Film - though a medium well over one hundred years old - is still riddled with everlasting debate of the Auteur Theory, or the question of whom the creative direction belongs to on a film. A hundreds years is actually pretty young in the context of other cross-disciplinary collaborative arts like architecture. I wonder why - with this debate so common-place in film - is it not as heavily milled over in web-design, a similar but far less ripe medium. The director steers the ship according to the Auteur Theory. What's the equivalent in web design? It's an important question to consider in the face of highly trained artistic teams who craft fully immersive experiences. At this point I'm sure a boutique design agency somewhere has justified the cost of a 35mm film shoot for the sake of a site and a site alone.
What makes this parallel even more interesting is the fact that film (ok ok...video) is undergoing a radical shift in the exact opposite direction - while websites are becoming more complex and members of web-design teams increasingly specialized, the craft of "filmmaking" is now subject to fewer barriers to entry than ever. Cheap(er) "prosumer" cameras with high resolution chips and well-rounded video production software packages make it easier for a single person to manifest a vision. Think of what you get with the Final Cut Suite (editing, compression, titles, scoring) now compared to your cheapest low-end Avid (editing) from years ago. Meanwhile the average flash designer now has to get up on Flex, integration with back-end data services, and have the ability to do 3d math. It's no wonder these teams are becoming more granular, and though perhaps we've boiled the question down a bit this much still stands - is it better to be the lone artist or part of a well oiled machine?
Firstly I wonder about a team's capacity to push the envelope. While more people on a project definitely increase the chances for groupthink, with the right people the process evolves into an iterative collaboration with each person elaborating on the last's ideas until the whole becomes more than the sum of it's parts. I suppose I've always been attracted to the idea of agencies or companies that encourage play, also. Google employees have a certain amount of time they're allowed to devote to projects of their choosing, and a person with the distributed support of a team probably has more time that sort of thing, in theory. Despite all the rationalization in the world, however, this much will always be true - a team of people will have more time than one. If you consider play crucial to the design process (and allot time for it), it only becomes another task weighing on the already limited resources of the freelancer.
But enough talk though - let's make with the practicality:
An amazing site created by one person.
An equally killer site that seems to be more of a group output.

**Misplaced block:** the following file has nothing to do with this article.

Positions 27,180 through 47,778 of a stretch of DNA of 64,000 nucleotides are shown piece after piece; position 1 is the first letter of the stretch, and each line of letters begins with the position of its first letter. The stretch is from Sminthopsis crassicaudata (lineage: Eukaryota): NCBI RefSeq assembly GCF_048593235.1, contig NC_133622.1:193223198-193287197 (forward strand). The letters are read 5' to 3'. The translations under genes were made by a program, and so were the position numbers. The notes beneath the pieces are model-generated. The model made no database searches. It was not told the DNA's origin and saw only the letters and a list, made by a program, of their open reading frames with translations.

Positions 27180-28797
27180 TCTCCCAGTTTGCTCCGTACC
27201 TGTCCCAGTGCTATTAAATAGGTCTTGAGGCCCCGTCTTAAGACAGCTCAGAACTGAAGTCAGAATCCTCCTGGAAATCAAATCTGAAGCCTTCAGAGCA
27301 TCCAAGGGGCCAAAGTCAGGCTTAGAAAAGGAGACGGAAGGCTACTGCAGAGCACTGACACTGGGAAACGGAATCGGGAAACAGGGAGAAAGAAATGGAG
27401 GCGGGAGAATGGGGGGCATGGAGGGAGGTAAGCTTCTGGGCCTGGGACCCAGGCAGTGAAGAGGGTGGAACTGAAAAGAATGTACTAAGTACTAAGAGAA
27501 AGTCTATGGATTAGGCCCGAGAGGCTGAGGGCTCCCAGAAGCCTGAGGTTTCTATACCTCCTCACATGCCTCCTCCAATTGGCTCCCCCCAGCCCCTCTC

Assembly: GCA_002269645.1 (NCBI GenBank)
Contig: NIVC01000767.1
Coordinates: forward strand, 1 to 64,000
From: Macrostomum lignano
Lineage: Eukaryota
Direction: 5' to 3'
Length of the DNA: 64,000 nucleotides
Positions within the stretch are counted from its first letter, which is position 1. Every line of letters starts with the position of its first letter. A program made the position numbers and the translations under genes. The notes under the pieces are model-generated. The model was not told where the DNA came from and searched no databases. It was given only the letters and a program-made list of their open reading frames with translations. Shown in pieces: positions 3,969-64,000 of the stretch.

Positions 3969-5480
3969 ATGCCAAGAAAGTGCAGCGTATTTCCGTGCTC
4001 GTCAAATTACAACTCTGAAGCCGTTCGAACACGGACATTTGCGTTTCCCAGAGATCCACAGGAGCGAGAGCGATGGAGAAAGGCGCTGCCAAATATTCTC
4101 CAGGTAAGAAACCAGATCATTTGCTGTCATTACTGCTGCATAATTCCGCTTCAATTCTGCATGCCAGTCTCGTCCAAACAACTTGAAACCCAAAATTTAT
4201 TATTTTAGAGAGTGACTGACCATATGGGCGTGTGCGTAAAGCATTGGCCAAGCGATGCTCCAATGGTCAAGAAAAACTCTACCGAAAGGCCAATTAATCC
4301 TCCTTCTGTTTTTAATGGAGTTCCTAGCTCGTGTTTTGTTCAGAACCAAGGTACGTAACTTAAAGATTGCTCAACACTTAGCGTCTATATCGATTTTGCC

The most obvious difference is in the information design. Both sites are essentially an entity's attempt at letting you know what services they offer, and selling you on them. I'd like to think it'd be blaringly obvious from the density of composition and the adherence to common web interface conventions which is which, even if the text here or on the sites didn't obviously state so. In2Media, though they use interesting effects on their visual components and make a bold artistic statement that gives the site cohesiveness with their use of the floating glass illustrations, these things are still secondary to the information. At the end of the day it's still very much a column-driven, moderately text heavy site. With Inside Piet the information takes a serious backseat to frill. This could be a case of function following form, except the function -is- to showcase the form, making it a "look at what I'm capable of" kind of site. Not to downplay it, though, because for him it works - just like the In2Media for them. DesignM.ag has an interview with Matthew Jurmann of Chromatic where freelancing and small business are compared and contrasted.
A designer friend (who I highly respect) and I were having a discussion just the other day about specialization. He'd been learning a little code on the side so that he'd be less dependent on coders, or at the very least more able to understand the parameters when working with them. When I briefly mentioned something about wanting to be the next renaissance man, he told me about another designer at his job in a similar position who ultimately decided that he'd rather focus on design and be great at design instead of spreading himself thin over too many things. While I - regularly feeling more like a jack of all trades (master of none) - can totally see the merit in that, I think nod will always go to the integrator for thinking across multiple disciplines, whether that be one person with polymath-like skills or a team able to effectively brainstorm, delegate, and collaborate. This is something I'll probably be thinking about a lot over the coming weeks and months.